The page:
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Wednesday, April 17, 2013

Dovetails

Idske, this post is specially for you :-)

I have long wanted to try my hand at making dovetails and finally plucked up the courage, I basically followed Harry Smith's instructions in his book The Art of Making Furniture in Miniature. He however didn't have a compound table and had to mark the distance between each dovetail by hand. Well, let me show you how I made mine on my drill press that has a compound table. My subject is a tiny 7mm high drawer.



 I made quite a few practice pieces to get the spacing of the pins right, it will depend on the depth of your drawer and the size of the cutter you use. I used a 1/16" inverted cone cutter in my drill press, on this drawer there is only place for the two half pins on each end plus one pin in the center on the drawer front and two tails on the drawer side.




















Here I am busy cutting the small little groove where the tails will fit in on the drawer fronts, you will see it doesn't go all the way through the wood thickness, normally one would use blind dovetails for the front of a drawer. I made through dovetails on the back of the drawer but forgot to take a photo.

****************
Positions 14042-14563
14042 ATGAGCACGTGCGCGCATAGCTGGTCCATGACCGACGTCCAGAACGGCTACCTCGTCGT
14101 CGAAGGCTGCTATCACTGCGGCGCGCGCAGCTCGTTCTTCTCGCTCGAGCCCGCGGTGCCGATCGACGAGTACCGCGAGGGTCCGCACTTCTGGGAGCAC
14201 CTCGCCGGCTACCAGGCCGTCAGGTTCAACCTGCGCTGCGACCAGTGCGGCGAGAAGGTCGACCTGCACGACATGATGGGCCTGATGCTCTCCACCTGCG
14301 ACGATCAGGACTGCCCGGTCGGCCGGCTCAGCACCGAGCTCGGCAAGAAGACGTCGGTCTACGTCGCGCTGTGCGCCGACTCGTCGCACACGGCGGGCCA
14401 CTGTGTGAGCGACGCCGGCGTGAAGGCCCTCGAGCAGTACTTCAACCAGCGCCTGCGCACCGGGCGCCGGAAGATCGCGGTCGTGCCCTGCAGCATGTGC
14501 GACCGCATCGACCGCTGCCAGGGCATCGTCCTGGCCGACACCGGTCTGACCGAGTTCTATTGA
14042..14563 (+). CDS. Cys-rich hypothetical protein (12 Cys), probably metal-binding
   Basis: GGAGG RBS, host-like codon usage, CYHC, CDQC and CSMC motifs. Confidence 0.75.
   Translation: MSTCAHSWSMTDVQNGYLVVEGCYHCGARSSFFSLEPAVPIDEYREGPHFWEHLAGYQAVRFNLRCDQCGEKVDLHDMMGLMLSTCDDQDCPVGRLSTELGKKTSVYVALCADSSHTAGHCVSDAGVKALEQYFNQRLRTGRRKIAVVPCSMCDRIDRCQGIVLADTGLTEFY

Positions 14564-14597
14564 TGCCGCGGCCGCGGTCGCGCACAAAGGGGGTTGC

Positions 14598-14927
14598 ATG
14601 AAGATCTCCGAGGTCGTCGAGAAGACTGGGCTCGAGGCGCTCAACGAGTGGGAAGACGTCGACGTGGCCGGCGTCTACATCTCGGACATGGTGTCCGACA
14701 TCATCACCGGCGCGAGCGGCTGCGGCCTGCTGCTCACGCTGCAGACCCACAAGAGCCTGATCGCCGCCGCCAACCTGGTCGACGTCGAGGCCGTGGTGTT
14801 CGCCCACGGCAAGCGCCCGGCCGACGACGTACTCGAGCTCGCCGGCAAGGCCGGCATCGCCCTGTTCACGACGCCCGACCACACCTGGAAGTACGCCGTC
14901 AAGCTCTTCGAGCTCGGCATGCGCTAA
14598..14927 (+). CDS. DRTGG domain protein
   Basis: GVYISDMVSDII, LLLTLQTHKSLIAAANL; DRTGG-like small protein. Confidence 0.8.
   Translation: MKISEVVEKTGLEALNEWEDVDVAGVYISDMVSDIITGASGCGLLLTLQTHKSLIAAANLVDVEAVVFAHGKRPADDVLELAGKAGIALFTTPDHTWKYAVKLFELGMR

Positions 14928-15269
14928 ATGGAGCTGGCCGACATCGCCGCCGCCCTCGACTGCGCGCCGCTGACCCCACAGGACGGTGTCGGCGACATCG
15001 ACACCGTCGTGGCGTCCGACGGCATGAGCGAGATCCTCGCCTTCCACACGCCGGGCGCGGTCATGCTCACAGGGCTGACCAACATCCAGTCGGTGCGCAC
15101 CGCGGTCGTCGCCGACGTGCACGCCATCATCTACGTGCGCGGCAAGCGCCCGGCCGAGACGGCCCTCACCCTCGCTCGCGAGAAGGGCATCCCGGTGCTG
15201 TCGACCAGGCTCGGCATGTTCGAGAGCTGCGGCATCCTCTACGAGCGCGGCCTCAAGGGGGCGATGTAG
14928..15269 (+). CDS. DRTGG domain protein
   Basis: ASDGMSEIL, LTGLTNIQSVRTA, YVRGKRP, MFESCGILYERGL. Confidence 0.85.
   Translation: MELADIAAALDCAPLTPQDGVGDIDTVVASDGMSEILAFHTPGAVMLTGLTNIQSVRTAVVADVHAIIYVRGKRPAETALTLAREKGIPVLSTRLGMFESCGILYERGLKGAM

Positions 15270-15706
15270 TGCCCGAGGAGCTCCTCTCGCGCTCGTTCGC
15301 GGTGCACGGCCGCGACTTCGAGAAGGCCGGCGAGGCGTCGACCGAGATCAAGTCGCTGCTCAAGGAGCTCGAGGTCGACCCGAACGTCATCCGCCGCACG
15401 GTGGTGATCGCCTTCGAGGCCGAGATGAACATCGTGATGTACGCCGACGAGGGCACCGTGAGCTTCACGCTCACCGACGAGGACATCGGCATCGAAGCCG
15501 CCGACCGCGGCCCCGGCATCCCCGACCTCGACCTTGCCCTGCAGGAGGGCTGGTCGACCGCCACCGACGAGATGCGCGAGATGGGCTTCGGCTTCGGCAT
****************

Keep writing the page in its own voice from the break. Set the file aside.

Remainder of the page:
In his book Harry Smith cuts the tails on the drawer sides by hand, but I decided to try it on my drill press and was quite happy with the results.























My hubby came home and took some of the next photos, of course you need to always hold your wood down very firmly or the cutter will just grab it and send it spinning away or worse into your face or eye. In this photo I have started cutting the tails on the drawer sides, to do this you need to hold the drawer side upright, I used a jig to keep the wood nice and square to the cutter. The wheel on the left moves the compound table from left to right or right to left and the front wheel moves the table backwards and forwards. I found that I had to cut very slowly otherwise the cutter would just break the wood as it is so thin.

















Instead of moving the table the whole time, I just flip the wood to cut on each end, it gives you a perfect symmetrical cut-out on each side.


















I did move the table for the central cutout between the two tails, once again I had to make a few practice pieces until I had the spacing perfect. When I make more than one drawer that is the same size I will do the first cut on each drawer piece before I move the table for the next cut, it just saves a lot of time.

















The drawer isn't glued together yet as I still need to cut rebates on the bottom inside of each drawer for the base. You can see that the back dovetail goes all the way through. Oh, yes, of course the cutter leaves you with a rounded edge on the groove in the drawer front, I just gently file the tails on the drawer side on the inside until the side fits in nice and flush with the drawer front.
















The back view of the through dovetails, not quite perfect but not too shabby for a first try at making dovetails on the drill press. One last tip, I always read as much as I can on a new technique in full scale, knowing how they do it in full scale at least helps me visualize how it should look and then to figure out how to do it in miniature.

Enjoy what is left of the week